by Staff Writers
Cornell NY (SPX) Jul 25, 2012
The famous biologist Stephen J. Gould once asked: If we rerun the tape of life, would the outcome of evolution be the same? For years, scientists have questioned whether evolution is predictable, or whether chance events make such predictability unlikely. A study published online in the Proceedings of the National Academy of Sciences finds that in the case of insects that developed resistance to a powerful plant toxin, the same adaptations have occurred independently, in separate species in different places and times.
The paper examines 18 insect species across four orders - beetles, butterflies and moths, flies, and true bugs - that all feed on plants containing powerful toxins called cardenolides.
Common to milkweeds and foxglove, cardenolides are lethal to nearly all insects and function effectively as a defense against pests. Cardenolides work by binding to a cell's sodium pump, one of the most fundamental systems found in all animal cells.
The sodium pump works when an essential enzyme (Na,K-ATPase) carries important elements, sodium and potassium, across the cell membrane. Cardenolides bind to the enzyme and disable it, thereby shutting down cells, which results in severe damage.
Among the 18 insects surveyed, the researchers found a few methods that the insects use to resist cardenolides. In monarch butterflies and a species of leaf beetle, for example, resistance is due to a specific mutation - called N122H - of the Na,K-ATPase gene. The mutation reduces cardenolide binding to the sodium pump enzyme.
"Already knowing how monarchs deal with the toxin, we wanted to see if it was the same molecular solution used by beetles, flies and true bugs that are also resistant to cardenolides," said Anurag Agrawal, a Cornell professor of ecology and evolutionary biology and a co-author on the paper. Susanne Dobler, a professor of molecular evolution at Hamburg University, is the paper's lead author.
By examining molecular changes in the sodium pump gene, the researchers found the mutation N122H in all four orders of insects studied. Furthermore, they discovered a second mutation in the same gene that also conferred resistance in 11 of the 18 species.
"This is truly a remarkable level of evolutionary repeatability and suggests that evolving resistance to the plant toxin had very few effective options," said Agrawal.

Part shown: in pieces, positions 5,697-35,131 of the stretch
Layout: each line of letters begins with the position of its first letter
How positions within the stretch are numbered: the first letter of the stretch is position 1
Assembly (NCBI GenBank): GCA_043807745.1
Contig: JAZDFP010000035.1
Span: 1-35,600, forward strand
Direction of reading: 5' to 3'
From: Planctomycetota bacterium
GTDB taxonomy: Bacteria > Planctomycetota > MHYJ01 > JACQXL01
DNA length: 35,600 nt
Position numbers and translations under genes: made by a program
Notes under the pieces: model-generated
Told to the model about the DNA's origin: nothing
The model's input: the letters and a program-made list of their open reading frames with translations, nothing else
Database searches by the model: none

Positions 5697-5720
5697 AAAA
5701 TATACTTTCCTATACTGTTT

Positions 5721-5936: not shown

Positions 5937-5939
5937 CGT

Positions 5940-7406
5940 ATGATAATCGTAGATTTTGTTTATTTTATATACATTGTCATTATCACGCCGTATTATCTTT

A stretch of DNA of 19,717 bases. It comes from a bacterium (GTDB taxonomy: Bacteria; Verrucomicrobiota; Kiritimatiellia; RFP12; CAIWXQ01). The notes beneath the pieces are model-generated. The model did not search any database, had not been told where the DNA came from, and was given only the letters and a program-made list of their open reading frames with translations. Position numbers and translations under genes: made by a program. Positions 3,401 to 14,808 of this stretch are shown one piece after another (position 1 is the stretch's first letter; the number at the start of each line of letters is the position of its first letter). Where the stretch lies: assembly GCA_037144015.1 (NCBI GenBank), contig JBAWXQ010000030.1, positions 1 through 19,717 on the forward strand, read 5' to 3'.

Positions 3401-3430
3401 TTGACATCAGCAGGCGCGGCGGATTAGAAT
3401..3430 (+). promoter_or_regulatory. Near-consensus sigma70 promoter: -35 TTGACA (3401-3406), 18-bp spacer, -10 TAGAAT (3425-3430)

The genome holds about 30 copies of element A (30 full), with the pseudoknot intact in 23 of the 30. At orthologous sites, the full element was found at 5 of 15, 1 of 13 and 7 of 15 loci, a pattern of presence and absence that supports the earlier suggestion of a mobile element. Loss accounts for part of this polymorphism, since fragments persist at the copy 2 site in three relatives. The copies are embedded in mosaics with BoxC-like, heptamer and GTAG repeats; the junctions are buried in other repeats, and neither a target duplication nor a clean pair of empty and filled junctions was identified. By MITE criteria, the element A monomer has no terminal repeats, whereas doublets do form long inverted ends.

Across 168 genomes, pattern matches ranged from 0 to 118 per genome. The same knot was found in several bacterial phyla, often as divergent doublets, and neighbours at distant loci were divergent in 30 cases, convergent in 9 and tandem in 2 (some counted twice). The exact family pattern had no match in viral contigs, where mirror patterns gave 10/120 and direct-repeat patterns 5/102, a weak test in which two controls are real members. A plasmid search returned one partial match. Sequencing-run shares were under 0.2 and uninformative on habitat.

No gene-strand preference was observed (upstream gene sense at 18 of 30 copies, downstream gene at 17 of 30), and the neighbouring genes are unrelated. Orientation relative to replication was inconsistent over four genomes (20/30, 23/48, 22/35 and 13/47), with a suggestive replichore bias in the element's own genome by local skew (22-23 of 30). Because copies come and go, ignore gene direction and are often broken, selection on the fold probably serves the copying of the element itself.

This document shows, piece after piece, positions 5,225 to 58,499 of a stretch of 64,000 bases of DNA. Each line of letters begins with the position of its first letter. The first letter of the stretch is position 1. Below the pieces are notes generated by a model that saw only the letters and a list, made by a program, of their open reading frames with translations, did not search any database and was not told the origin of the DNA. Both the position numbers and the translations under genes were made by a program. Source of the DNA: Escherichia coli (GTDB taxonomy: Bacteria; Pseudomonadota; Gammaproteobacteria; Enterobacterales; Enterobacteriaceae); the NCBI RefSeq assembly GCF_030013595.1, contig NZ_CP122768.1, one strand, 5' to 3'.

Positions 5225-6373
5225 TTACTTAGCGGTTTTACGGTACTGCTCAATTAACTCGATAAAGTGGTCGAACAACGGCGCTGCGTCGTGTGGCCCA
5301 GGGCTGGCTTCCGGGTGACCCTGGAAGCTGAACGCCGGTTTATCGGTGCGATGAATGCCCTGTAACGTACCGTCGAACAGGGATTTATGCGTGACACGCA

The researchers tested the effectiveness of these gene changes by inserting the single Na,K-ATPase mutations into cell cultures and then dosing those cultures with cardenolides.
They found the mutations gave the cells resistance, and when cells were given the two mutations that repeatedly evolved together, they had twice the resistance as cells with a single mutation, implying a synergistic effect.
The standard gene for the sodium pump is essentially the same in all insects, and even mammals carry the gene in a relatively unmodified form. The sodium pump thus originated from a common ancestor hundreds of millions of years ago and is central to the functioning of most animals.
Out of that background, insects from different orders over the last 300 million years specialized on plants with cardenolides and evolved resistance independently, and in numerous cases, through exactly the same gene change.
"We can't rerun the tape of life, but we can look back over millions of years of evolutionary divergence and show that there has been tremendous repeatability, even at the molecular level," said Agrawal.
Farming Today - Suppliers and Technology
Comment on this article via your Facebook, Yahoo, AOL, Hotmail login.
Researchers develop ginseng-fortified milk to improve cognitive function
Amsterdam, The Netherlands (SPX) Jul 25, 2012
American ginseng is reported to have neurocognitive effects, and research has shown benefits in aging, central nervous system disorders, and neurodegenerative diseases. The challenges of incorporating ginseng into food are twofold: it has a bitter taste, and food processing can eliminate its healthful benefits. Reporting in the August issue of the Journal of Dairy Science, a group of scien ... read more
|The content herein, unless otherwise known to be public domain, are Copyright 1995-2012 - Space Media Network. AFP, UPI and IANS news wire stories are copyright Agence France-Presse, United Press International and Indo-Asia News Service. ESA Portal Reports are copyright European Space Agency. All NASA sourced material is public domain. Additional copyrights may apply in whole or part to other bona fide parties. Advertising does not imply endorsement,agreement or approval of any opinions, statements or information provided by Space Media Network on any Web page published or hosted by Space Media Network. Privacy Statement|